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Legal Notes: Understanding corporations and their veil of protection

John Bleasby
Legal Notes: Understanding corporations and their veil of protection

One of the most important reasons for incorporation is that a separate corporate personality, or “corporate veil,” can shield owners and directors from any liabilities associated with company debts and actions. It’s a legal concept that has been upheld for more than 120 years, based on the famous Salomon vs. Salomon case in the U.K.

Although challenging, attempts to pierce the corporate veil are not uncommon. In fact, there are exceptions to the protections offered.

As Miller Thomson LLP associate Bronwhyn Simmons and Usama Rashid write, “One of the exceptions to this doctrine is where a director of a corporation commits a tort or is negligent in a way that is so separate from the interests of the corporation that the negligence or tort cannot be attributed back to the corporation, even if that director was acting in the course of his duties as director of the corporation.”

In 2011, homeowner Larry Parks undertook an oral contract with builder Steve McAvoy and McAvoy’s company, Woodparke Homes Ltd., for a $4 million home. It was completed in 2014. However, Woods deemed it unliveable after only three years of occupancy due to defects traced to water ingress.

Parks applied for a summary judgment against McAvoy, claiming instances of financial wrongdoing, negligence and breach of trust. He further alleged McAvoy “had been a party to the contract in his personal capacity,” write Simmons and Rashid.

The court ruled it could not grant a summary judgment for several reasons, write Simmons and Rashid.  These included contradictory evidence including that from expert witnesses, insufficient evidence surrounding the cause of the defects, and the number of third parties involved in the project who had not presented evidence.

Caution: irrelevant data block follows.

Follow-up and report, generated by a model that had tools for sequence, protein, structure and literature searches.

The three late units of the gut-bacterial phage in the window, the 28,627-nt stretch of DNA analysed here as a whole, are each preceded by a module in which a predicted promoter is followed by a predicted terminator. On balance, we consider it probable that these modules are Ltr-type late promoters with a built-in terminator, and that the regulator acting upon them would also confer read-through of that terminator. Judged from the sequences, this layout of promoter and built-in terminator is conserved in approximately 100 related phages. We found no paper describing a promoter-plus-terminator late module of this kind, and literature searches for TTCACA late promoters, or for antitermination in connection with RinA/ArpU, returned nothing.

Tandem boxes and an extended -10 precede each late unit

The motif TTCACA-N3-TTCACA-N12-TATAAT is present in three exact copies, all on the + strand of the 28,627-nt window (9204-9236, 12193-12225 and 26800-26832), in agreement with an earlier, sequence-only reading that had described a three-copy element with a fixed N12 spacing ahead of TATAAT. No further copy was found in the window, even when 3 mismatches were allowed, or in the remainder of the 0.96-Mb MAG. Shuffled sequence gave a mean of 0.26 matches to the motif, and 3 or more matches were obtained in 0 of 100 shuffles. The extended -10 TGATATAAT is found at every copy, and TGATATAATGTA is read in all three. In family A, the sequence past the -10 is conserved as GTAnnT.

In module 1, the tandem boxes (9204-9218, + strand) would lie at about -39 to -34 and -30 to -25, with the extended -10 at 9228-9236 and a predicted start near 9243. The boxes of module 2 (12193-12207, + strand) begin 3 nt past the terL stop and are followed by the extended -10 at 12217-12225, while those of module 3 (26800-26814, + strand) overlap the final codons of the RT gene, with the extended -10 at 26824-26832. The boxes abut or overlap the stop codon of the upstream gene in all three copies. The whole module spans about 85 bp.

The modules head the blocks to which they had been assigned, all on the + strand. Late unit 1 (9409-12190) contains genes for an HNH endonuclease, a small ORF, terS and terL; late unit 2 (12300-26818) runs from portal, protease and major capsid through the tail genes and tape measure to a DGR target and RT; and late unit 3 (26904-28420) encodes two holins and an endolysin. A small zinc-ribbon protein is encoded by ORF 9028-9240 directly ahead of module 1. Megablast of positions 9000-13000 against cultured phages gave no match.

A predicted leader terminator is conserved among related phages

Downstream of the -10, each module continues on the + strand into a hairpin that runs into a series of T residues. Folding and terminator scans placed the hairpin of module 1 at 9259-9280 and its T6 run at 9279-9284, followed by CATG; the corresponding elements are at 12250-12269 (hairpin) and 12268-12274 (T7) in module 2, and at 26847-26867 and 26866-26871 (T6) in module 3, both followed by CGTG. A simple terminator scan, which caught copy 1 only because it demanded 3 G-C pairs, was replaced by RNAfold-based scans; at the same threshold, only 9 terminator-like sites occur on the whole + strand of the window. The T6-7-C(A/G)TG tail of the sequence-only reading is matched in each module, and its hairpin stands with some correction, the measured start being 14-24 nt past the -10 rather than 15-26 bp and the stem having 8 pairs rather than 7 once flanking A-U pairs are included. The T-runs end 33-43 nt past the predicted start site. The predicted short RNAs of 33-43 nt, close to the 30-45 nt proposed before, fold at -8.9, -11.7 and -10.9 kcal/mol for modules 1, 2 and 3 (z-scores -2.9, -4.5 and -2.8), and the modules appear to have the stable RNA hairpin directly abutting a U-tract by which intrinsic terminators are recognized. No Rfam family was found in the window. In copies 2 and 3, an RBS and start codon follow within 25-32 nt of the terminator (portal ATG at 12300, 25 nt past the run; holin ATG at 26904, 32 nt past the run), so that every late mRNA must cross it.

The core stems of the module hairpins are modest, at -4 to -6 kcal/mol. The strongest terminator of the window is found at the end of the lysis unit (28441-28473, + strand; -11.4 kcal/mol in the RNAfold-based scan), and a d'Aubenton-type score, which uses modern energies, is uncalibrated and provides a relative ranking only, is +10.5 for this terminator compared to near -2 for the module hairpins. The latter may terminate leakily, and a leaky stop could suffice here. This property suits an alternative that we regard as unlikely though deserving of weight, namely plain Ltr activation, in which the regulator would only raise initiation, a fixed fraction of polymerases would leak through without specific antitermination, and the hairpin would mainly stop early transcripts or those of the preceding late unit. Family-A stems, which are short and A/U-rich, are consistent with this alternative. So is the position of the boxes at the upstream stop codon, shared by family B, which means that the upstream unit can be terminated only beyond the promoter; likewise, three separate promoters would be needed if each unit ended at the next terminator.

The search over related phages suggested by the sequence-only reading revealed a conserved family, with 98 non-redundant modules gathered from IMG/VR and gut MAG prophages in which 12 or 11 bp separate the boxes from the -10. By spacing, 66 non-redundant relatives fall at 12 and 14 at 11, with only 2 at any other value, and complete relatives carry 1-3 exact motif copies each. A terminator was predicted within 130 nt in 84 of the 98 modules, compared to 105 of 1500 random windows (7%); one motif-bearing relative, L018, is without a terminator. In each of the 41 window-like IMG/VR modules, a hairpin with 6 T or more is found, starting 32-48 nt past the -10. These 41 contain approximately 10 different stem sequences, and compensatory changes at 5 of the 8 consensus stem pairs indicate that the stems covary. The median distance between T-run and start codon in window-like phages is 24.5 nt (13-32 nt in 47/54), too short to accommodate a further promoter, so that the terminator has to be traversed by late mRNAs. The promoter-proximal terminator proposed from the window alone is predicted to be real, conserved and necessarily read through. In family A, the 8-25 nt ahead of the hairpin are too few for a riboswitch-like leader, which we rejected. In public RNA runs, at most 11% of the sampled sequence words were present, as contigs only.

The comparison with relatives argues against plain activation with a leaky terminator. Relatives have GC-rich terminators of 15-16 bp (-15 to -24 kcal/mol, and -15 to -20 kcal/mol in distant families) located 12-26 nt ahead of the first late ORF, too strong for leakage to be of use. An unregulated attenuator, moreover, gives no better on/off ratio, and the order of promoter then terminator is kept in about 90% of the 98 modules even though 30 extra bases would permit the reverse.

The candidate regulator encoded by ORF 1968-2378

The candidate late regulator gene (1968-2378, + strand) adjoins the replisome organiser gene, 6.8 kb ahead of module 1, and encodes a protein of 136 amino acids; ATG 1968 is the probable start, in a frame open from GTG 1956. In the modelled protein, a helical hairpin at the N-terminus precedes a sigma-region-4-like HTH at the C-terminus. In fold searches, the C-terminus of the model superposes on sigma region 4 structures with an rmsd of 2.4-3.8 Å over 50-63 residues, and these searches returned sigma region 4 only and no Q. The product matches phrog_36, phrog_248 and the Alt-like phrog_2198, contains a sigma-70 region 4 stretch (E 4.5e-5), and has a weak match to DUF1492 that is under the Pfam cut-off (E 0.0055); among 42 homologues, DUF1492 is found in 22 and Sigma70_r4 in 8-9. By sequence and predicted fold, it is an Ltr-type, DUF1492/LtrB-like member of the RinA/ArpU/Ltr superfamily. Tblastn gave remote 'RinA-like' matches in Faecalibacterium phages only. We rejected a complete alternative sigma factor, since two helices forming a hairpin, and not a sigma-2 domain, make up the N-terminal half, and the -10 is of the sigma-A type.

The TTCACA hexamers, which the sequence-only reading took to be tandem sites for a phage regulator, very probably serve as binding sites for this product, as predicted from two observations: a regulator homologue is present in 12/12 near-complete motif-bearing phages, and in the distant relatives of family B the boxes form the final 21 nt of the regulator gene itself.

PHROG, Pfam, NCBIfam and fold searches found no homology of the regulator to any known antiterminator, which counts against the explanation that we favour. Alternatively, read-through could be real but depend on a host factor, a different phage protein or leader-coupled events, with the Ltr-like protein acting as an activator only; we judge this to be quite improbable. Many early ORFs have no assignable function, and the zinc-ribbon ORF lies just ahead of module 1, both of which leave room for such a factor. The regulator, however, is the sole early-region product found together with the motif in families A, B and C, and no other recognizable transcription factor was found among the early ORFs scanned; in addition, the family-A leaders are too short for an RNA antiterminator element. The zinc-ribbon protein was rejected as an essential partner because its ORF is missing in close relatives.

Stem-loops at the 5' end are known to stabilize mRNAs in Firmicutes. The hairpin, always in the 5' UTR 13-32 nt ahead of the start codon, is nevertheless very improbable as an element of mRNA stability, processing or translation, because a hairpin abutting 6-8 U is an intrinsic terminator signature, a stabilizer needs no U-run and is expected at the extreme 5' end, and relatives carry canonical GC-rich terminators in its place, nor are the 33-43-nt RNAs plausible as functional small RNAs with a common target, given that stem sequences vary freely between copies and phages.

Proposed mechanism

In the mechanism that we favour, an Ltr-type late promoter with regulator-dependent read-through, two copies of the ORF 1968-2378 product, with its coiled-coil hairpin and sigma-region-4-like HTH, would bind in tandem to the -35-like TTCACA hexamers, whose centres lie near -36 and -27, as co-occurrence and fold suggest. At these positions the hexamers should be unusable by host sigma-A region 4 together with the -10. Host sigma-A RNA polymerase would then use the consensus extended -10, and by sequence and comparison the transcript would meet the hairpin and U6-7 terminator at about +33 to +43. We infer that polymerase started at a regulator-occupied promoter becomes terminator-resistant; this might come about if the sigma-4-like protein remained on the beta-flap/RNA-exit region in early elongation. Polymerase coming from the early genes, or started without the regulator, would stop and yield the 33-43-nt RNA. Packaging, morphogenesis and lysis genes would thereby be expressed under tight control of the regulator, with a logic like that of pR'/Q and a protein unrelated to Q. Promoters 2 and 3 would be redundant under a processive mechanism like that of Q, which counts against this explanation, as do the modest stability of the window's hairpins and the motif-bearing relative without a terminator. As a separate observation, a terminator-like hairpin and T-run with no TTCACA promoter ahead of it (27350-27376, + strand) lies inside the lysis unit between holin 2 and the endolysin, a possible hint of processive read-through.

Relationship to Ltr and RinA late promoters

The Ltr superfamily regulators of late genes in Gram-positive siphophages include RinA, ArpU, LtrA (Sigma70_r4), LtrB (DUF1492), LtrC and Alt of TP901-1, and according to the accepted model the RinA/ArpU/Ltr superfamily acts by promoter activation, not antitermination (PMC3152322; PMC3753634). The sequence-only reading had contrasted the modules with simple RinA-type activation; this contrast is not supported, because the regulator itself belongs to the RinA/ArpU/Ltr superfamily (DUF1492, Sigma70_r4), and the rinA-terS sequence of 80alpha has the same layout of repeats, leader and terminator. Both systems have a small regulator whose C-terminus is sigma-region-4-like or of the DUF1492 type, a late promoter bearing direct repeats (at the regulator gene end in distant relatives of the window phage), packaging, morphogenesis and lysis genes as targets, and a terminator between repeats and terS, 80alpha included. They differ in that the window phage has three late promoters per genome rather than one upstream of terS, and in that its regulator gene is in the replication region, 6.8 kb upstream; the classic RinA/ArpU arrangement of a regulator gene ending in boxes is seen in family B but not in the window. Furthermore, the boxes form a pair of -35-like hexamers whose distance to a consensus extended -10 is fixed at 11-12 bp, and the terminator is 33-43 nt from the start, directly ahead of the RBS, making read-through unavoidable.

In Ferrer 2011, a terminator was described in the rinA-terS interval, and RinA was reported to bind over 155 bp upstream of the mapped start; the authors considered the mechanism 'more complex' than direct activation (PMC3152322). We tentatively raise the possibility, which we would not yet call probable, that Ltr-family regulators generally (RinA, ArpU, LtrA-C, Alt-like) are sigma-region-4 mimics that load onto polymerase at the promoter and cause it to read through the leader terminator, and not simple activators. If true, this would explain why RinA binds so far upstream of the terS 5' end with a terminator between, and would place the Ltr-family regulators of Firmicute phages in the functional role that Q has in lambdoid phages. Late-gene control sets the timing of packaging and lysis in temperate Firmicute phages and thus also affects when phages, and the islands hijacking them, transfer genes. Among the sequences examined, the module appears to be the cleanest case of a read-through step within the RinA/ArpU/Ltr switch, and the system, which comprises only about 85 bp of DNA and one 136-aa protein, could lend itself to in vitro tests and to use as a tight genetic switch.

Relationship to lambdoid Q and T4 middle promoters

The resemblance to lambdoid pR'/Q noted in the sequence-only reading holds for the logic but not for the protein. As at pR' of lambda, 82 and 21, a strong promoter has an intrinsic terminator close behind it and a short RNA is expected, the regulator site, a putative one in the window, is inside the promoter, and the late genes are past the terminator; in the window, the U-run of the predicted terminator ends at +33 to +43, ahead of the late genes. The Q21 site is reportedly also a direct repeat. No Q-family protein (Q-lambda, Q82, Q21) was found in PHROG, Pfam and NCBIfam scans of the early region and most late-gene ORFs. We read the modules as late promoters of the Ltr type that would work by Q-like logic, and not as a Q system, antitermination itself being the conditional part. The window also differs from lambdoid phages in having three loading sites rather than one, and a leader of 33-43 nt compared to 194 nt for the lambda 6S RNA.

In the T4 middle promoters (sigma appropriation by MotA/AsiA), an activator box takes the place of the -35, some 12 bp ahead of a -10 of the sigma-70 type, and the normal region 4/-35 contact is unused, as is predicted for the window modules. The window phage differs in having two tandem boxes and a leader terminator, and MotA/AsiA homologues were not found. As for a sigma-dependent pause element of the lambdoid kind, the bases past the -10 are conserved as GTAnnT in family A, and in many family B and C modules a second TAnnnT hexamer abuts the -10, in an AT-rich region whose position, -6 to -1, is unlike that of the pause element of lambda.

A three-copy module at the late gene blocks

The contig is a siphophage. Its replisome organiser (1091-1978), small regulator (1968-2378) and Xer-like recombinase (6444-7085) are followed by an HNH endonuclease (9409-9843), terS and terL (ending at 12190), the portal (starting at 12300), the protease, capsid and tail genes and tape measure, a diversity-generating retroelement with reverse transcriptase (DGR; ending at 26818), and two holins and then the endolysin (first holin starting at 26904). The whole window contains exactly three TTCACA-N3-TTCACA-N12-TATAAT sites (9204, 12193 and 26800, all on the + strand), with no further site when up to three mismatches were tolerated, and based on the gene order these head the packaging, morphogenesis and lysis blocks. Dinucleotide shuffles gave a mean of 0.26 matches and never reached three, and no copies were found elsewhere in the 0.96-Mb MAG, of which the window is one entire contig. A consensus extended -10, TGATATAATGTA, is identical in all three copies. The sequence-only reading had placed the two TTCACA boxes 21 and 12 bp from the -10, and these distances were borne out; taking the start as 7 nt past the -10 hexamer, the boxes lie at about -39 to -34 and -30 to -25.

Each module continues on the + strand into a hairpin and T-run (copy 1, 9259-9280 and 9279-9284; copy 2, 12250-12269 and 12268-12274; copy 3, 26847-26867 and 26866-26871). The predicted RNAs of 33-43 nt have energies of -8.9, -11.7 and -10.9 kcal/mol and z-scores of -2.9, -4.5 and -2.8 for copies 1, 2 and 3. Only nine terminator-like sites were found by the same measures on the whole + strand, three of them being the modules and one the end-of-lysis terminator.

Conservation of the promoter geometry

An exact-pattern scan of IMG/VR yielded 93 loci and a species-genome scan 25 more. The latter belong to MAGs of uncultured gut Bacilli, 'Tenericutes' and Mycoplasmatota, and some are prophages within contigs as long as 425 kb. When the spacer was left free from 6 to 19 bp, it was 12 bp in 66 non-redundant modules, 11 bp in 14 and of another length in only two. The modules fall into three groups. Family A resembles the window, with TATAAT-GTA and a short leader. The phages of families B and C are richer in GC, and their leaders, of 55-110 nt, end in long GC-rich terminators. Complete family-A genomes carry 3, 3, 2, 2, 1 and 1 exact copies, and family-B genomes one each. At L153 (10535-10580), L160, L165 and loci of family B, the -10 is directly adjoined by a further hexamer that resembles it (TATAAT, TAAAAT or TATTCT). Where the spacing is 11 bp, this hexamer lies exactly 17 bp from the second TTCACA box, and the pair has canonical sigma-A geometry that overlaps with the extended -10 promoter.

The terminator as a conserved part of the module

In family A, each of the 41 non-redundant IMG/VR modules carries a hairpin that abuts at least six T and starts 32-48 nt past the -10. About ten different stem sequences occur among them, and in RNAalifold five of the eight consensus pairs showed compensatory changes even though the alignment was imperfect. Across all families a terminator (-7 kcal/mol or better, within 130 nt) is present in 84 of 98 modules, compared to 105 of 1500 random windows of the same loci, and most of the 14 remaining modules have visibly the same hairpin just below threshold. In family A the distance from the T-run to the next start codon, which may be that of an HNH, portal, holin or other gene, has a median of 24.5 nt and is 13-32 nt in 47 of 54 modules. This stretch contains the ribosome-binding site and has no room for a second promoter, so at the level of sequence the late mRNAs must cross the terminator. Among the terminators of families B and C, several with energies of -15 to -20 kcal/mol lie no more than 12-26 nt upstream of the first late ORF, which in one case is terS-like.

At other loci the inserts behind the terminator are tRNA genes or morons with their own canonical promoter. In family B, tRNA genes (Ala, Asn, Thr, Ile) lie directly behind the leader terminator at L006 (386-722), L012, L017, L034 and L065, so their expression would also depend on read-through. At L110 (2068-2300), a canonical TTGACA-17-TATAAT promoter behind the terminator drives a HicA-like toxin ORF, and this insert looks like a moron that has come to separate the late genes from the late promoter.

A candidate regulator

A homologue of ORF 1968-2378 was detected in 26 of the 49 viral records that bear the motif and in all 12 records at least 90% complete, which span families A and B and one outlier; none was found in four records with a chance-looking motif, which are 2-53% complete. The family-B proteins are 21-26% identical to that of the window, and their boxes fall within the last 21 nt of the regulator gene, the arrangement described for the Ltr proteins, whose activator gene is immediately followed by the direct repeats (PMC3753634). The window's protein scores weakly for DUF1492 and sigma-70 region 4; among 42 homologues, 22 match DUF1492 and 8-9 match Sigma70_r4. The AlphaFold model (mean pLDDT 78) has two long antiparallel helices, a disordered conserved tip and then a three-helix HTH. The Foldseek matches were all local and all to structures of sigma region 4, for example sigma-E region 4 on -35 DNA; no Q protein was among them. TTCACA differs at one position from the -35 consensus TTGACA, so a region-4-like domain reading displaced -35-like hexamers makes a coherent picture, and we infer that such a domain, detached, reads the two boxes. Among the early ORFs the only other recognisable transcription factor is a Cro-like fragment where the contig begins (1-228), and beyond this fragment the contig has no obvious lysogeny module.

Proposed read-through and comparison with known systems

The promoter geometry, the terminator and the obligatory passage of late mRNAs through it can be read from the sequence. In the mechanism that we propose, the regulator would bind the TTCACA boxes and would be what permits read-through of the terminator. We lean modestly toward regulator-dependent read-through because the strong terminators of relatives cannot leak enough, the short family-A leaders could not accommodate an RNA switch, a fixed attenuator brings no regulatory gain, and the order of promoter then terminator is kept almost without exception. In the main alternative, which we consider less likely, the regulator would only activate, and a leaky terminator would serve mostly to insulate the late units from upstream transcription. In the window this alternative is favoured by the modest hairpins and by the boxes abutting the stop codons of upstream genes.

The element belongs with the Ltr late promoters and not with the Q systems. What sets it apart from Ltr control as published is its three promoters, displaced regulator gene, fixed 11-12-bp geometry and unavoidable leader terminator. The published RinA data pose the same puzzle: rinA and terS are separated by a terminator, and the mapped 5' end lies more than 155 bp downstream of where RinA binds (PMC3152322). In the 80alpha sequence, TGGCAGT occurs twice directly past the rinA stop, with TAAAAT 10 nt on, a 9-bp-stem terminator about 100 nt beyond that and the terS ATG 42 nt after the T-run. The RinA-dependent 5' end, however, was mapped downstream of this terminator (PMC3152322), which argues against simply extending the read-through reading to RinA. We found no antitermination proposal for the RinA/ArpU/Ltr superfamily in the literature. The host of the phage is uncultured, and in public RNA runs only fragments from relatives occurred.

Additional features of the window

“There was no efficiency in summarily granting judgment to the plaintiff on some of his claims when other claims would remain for trial.”

As for the suggestion that McAvoy and Woodparke Homes were both party to the oral contract, the court noted all invoices were issued by, and payments made to, Woodparke Homes not McAvoy. All monies received were deposited into the company bank account. Any personal assurances made by McAvoy about his commitment to the project were deemed as standard verbiage for any builder and not grounds for personal liability.

Furthermore, any negligence falling on McAvoy for failing to identify and repair construction deficiencies were, as Simmons and Rahsid write, “exactly the same as the negligent acts committed by Woodparke, (therefore) there was no separate identity to the acts, and accordingly, no personal liability for McAvoy.”

As Toronto-based law firm Goldman Sloan Nash and Haber LLP describes, it all traces back to the Salomon vs. Salomon case in the late 1800s.

“A corporation cannot do anything unless an individual acts on its behalf. Nonetheless, it has been settled law for over 120 years that a corporation exists as a separate legal entity, and is distinct from its shareholders, directors and officers.”

However, that’s not to say the veil can never be pierced.

If the company has been established for a fraudulent purpose, or is dominated and controlled by those seeking such purposes, the court could look towards the “directing mind” of that corporation and impose liability on them, writes Goldman Sloan Nash and Haber.

“If a corporation misappropriates trust funds it receives relating to a particular construction project, the individuals who have effective control of the corporation may be held personally liable along with the corporation.”

As a precaution for owners, Goldman Sloan Nash and Haber put forward the option of analyzing any risks associated with the contracted corporation and, if necessary, attempting to secure personal guarantees from owners or shareholders.

Proving personal liability either alongside or in place of corporate liability will remain a challenge. Simmons and Rashid also point out the “proper invoice” requirements, under prompt payment and adjudication regimes now in effect in several provinces, “will theoretically eliminate confusion about who the parties to a construction contract actually are.”

John Bleasby is a Coldwater, Ont.-based freelance writer. Send comments and Legal Notes column ideas to

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